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 Grahams Law of Effusion

 

 

Grahamís law states that the rates of effusion of two gases are inversely proportional to the square roots of their molar masses at the same temperature and pressure:

but if time is used the equation changes

     

Graham's Law deals with the effusion of gases.  This is not to be confused with diffusion which declares that molecules will move from a place of higher concentration to a place of lower concentration.  The principle of effusion depends upon a movement or diffusion of gases but it relates to the rate of travel of a gas through a predefined pathway and how the rate depends upon the molecular mass of the gas.  Specifically, the law states that the relative rates of effusion of two gases through a tube or pathway of equal size is inversely proportional to the square root of the molecular masses of the gases.

fig4_17.gif (12382 bytes)

   
Effusion is the term used to describe the passage of a gas through a tiny orifice into an evacuated chamber, as shown in the figure below.

The rate of effusion measures the speed at which the gas travels through the tiny hole into a vacuum. Another term to remember for the test is diffusion. Diffusion is the term used to describe the spread of a gas throughout a space or throughout a second substance.

 
Sample Questions   Highlight to reveal other answers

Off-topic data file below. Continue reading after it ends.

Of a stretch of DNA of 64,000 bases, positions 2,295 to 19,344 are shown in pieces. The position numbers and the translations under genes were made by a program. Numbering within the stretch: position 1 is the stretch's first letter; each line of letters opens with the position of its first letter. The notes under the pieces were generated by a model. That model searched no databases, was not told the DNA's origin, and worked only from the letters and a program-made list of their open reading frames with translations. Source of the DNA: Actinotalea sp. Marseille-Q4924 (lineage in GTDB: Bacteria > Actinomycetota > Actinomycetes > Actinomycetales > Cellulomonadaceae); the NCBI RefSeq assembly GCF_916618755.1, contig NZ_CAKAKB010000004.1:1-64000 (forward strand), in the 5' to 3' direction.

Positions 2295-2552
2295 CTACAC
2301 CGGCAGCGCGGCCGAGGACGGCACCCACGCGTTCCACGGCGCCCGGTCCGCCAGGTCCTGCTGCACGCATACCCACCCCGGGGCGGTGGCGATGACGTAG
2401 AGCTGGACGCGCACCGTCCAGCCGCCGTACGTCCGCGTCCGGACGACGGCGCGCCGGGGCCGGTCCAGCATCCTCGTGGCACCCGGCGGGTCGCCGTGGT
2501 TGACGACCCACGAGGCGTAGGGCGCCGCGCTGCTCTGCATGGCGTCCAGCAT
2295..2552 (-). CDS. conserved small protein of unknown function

1. If equal amounts of helium and argon are placed in a porous container and allowed to escape, which gas will escape faster and how much faster?

 

1. Set rate1 = He = x and rate2 = Ar = 1. The weight of He = 4.00 and Ar = 39.95. By Graham's Law, x / 1 = square root (39.95 / 4.00) = 3.16 times as fast.
 

2. What is the molecular weight of a gas which diffuses 1/50 as fast as hydrogen?

  2. Set rate1 = other gas = 1 and rate2 = H2 = 50. The weight of H2 = 2.02 and the other gas = x. By Graham's Law, 1 / 50 = square root (2.02 / x) = molecular weight of 5050.
 

3. Two porous containers are filled with hydrogen and neon respectively. Under identical conditions, 2/3 of the hydrogen escapes in 6 hours. How long will it take for half the neon to escape?

  3. Set rate1 = H2 = x and rate2 = Ne = 1. The weight of H2 = 2.02 and Ne = 20.18. By Graham's Law, x / 1 = square root (20.18 / 2.02) = 3.16 times as fast.

0.67 / 3.16 = 0.211 = amount of Ne leaving in 6 hours.

Therefore 0.211 / 6 = 0.50 / x.

x = 14.2 hours

 

 

4. If the density of hydrogen is 0.090 g/L and its rate of diffusion is 6 times that of chlorine, what is the density of chlorine?

  4. Set rate1 = H2 = 6 and rate2 = Cl2 = 1. The weight of H2 = 2.02 and Ne = x. By Graham's Law, 6 / 1 = square root (x / 2.02) = 72.72 (molec. wt. of Cl2)

72.72 g / 22.414 L = 3.24 g/L. (22.414 is molar volume.)

 

 

5. How much faster does hydrogen escape through a porous container than sulfur dioxide?

  5. Set rate1 = H2 = x and rate2 = SO2 = 1. The weight of H2 = 2.02 and SO2 = 64.06. By Graham's Law, x / 1 = square root (64.06 / 2.02) = 5.63 times as fast

 

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